DEAR SUN SPOTS: I moved to Tennessee from Maine many years ago and am coming back for a visit in mid-August. While I’m on vacation, I’d like to buy some books with a Maine setting or about Maine for my grandchildren and children, who range in age from toddlerhood into their 40’s. Don’t tell me to go on Amazon! I want to look at them before I buy them! What are your suggestions?

—Marion, no town

ANSWER: Thank you for such a fun question! I love to read! You don’t say what area of our state you’re visiting, Marion, but when you get here and are settled, I would highly recommend that you go into the local bookstore or library and ask the book seller or librarian for their advice. I know they won’t steer you wrong. I could use up the next one hundred Sun Spots columns listing ALL the books I love, but I will suggest just a few here.

A small fraction of my all-time favorites for children includes A Morning in Maine and Blueberries for Sal, by Robert McCloskey; Lost on a Mountain in Maine, by Don Fendler; Counting Our Way to Maine, by Maggie Smith; Miss Rumphius, by Barbara Cooney; Lizzie Bright and the Buckminster Boy, by Gary D. Schmidt; The Door to January, by Gillian French; and Keep the Lights Burning, Abbie, by Peter Roop.

For adults, I recommend The Way Life Should Be and A Piece of the World, by Christina Baker Kline; Olive Kitteridge and The Burgess Boys, by Elizabeth Strout; anything by Paul Doiron or Stephen King; A Midwife’s Tale: The Life of Martha Ballard, Based on Her Diary, 1785-1812, by Laurel Thatcher Ulrich; A Year in the Maine Woods by Bernd Heinrich; Salt and Pines: Tales from Bygone Maine, edited by Jeanne Mason and D.L. Soucy; anything by Elizabeth Ogilvie; anything by John Gould; How to Cook a Moose, by Kate Christensen and This Time Will Be Different, by Elaine Ford.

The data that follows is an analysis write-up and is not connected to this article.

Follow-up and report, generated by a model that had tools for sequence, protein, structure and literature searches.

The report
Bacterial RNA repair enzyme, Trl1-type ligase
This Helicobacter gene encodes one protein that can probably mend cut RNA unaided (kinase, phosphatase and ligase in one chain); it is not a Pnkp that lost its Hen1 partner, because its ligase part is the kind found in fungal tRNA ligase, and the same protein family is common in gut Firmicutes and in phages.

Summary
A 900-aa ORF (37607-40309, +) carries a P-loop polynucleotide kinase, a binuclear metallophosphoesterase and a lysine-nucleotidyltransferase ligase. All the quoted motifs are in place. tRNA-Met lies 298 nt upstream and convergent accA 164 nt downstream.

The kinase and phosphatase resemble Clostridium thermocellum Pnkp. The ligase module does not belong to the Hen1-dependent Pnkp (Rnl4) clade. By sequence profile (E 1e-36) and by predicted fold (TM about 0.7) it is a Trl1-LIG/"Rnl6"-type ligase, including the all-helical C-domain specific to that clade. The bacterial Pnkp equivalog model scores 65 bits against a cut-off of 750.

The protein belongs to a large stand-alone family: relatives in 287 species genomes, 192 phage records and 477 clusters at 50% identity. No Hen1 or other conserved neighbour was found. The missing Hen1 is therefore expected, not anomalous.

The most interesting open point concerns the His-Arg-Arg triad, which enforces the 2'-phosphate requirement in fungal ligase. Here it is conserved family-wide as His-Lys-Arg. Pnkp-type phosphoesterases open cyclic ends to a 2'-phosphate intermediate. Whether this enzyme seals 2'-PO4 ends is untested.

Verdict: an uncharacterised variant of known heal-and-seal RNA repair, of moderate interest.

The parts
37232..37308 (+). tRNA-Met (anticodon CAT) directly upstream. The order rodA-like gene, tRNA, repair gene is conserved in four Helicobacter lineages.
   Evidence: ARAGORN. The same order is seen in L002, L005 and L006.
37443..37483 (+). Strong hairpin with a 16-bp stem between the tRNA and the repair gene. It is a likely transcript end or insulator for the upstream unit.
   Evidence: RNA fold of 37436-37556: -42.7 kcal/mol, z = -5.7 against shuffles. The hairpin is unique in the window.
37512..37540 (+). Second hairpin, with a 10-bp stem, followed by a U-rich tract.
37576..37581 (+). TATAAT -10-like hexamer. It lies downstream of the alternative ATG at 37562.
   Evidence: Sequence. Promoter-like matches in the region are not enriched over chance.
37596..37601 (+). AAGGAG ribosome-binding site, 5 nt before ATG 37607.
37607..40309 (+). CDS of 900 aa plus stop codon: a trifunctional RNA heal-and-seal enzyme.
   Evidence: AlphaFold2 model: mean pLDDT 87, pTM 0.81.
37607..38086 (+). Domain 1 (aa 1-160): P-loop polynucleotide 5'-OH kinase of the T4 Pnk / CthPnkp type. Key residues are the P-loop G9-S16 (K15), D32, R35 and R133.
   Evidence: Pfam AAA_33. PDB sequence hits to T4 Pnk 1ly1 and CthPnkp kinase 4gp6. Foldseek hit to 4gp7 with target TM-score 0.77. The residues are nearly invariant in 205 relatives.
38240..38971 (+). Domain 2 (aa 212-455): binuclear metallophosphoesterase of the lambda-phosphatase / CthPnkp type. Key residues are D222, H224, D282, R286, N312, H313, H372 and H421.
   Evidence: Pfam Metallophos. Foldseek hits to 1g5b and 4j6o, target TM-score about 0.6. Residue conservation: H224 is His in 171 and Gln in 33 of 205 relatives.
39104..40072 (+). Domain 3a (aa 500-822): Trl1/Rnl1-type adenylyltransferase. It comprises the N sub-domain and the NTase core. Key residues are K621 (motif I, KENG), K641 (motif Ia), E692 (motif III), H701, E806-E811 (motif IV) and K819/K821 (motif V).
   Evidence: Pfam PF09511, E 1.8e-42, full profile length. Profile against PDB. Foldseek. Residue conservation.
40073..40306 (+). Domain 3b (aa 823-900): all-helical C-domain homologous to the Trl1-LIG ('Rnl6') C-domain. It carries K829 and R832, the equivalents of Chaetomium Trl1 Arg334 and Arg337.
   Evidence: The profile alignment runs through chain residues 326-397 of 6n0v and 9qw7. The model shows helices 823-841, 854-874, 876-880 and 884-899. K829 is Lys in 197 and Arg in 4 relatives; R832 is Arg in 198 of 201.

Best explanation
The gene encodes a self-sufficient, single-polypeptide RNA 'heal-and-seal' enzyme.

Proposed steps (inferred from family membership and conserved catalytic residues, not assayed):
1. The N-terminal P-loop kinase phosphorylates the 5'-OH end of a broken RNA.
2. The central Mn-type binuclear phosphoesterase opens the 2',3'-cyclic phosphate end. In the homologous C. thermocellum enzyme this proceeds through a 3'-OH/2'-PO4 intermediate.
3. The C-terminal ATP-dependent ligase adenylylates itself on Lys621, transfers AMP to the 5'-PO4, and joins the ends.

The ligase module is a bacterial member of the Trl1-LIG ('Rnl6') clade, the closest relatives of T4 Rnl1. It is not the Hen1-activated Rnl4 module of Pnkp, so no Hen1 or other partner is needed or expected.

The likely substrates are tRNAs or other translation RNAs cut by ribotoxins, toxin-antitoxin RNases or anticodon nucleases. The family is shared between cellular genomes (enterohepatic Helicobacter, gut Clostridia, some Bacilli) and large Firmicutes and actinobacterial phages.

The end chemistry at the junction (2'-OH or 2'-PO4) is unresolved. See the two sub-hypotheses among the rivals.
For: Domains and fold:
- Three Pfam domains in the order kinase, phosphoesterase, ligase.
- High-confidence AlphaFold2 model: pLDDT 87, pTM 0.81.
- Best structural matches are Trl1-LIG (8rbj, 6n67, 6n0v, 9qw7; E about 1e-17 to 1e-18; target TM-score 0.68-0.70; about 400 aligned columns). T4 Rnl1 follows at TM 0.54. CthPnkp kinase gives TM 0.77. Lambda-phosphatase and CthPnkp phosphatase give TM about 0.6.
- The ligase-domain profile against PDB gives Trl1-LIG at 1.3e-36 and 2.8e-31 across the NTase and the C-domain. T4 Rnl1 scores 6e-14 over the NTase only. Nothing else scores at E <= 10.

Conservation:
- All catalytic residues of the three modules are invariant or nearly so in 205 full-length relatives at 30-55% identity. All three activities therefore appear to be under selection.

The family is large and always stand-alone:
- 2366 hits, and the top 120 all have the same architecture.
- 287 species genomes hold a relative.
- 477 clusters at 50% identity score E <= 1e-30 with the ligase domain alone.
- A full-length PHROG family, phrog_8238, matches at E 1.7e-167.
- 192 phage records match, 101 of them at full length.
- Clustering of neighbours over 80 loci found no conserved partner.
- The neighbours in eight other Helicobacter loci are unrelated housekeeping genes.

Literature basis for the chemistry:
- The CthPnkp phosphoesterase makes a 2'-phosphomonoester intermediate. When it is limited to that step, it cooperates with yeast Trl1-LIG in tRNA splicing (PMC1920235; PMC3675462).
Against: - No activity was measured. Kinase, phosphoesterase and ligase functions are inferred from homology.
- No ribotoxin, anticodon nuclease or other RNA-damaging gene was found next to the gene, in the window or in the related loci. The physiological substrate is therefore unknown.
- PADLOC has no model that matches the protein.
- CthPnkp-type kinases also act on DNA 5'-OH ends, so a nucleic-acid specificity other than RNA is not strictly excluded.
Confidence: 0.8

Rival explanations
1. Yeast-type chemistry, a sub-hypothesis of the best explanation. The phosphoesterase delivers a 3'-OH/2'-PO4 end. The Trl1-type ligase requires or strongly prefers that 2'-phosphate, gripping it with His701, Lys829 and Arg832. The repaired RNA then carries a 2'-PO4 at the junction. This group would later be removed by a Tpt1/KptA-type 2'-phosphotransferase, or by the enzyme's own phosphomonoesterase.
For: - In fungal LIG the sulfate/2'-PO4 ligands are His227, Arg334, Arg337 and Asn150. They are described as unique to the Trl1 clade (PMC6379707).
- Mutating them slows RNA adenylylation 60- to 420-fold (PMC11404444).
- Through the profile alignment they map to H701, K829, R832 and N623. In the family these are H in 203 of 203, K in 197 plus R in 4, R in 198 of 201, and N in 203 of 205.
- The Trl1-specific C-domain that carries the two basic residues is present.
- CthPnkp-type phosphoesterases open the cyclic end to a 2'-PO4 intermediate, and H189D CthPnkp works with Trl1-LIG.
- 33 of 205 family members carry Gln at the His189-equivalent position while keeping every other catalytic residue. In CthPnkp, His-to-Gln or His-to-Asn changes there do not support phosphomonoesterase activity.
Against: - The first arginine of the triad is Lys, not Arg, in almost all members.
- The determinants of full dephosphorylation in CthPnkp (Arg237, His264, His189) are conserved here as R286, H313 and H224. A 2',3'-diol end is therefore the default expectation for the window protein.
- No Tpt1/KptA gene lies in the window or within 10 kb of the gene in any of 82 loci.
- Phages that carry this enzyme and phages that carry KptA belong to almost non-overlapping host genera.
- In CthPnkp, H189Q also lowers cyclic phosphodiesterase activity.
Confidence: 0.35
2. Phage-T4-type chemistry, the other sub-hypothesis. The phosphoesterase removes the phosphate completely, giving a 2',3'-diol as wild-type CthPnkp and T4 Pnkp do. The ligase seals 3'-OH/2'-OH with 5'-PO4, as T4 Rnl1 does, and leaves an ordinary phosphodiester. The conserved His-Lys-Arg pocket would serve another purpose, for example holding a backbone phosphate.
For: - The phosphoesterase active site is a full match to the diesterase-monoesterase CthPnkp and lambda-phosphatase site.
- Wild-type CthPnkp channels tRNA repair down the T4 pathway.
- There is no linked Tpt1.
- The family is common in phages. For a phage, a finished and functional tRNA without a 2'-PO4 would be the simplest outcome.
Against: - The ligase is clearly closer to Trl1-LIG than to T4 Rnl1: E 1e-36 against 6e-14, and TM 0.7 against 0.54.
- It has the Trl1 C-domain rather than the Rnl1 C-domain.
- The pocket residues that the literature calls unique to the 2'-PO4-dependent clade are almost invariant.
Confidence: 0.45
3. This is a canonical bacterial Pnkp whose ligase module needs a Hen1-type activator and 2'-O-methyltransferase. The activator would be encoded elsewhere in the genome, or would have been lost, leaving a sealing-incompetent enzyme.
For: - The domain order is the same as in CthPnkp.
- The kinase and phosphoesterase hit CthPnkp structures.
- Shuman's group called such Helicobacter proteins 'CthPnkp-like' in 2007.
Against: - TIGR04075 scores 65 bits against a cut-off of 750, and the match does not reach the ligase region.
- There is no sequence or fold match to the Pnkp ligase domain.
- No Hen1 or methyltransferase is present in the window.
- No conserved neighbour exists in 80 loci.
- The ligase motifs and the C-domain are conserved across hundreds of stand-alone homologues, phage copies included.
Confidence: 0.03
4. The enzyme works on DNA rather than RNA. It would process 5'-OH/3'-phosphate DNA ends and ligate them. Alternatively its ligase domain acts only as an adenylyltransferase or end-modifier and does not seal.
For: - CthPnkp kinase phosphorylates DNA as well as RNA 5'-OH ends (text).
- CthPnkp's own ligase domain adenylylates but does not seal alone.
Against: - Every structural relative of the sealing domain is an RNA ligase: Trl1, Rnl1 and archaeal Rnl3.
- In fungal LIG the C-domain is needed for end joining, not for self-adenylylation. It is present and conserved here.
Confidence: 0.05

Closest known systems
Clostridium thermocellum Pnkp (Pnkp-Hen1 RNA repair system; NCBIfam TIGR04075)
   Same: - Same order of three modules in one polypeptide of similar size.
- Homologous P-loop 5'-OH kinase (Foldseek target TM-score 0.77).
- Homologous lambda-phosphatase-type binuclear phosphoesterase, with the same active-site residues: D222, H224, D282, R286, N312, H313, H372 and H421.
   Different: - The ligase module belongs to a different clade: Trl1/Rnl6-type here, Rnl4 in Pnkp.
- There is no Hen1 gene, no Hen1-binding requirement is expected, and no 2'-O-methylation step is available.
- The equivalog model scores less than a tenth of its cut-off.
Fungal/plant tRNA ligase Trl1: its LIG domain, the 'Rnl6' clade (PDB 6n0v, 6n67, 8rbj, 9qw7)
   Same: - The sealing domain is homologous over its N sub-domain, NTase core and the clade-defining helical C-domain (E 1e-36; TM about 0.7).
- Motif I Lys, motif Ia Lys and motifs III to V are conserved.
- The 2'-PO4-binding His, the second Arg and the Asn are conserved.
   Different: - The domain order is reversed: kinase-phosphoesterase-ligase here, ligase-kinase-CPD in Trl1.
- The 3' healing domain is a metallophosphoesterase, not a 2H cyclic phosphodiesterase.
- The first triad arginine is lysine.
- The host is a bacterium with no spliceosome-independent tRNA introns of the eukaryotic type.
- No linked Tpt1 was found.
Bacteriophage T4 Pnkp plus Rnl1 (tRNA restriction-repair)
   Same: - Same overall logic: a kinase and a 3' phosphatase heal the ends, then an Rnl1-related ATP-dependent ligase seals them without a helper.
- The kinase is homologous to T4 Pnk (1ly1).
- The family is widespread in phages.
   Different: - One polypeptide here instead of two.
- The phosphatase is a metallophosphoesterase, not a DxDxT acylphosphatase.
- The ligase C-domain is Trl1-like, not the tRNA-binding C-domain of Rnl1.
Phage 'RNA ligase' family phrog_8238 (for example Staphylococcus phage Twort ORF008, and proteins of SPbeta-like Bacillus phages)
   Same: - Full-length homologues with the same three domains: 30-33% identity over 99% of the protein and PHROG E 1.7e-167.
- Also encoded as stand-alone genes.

I could go on and on! Readers, do you have any Maine books to recommend?

DEAR SUN SPOTS: I have a favorite cake recipe that calls for a can of Hershey’s chocolate syrup, but I can’t find this syrup in cans anywhere anymore. Can you help me find out what happened to it? I don’t think the syrup in the bottle is the same. It seems thinner to me.

—Tina, no town

ANSWER: Come to think of it, I haven’t seen the familiar cans in a while either, although a friend says Hershey’s syrup in the can is still on grocery shelves in Canada. Unless you want to take a drive across the border, however, you may be stuck using the syrup from the 24-ounce bottles that first came out in 1979 or you may want to buy the 16-ounce pouches that replaced those familiar cans as of the beginning of the year.

I use the bottled syrup all the time in recipes and have never noticed a difference. Use 1 ½ cups of syrup from the bottle when a recipe calls for a can of the syrup and if you want further assistance, call the experts … there’s a Hershey’s hotline! Call 1-800-468-1714 Monday through Friday from 9 a.m. to 4 p.m. Have fun chocolatizing all your recipes!

This column is for you, our readers. It is for your questions and comments. There are only two rules: You must write to the column and sign your name (we won’t use it if you ask us not to). Please include your phone number. Letters will not be returned or answered by mail, and telephone calls will not be accepted. Your letters will appear as quickly as space allows. Address them to Sun Spots, P.O. Box 4400, Lewiston, ME 04243-4400. Inquiries can also be emailed to [email protected]

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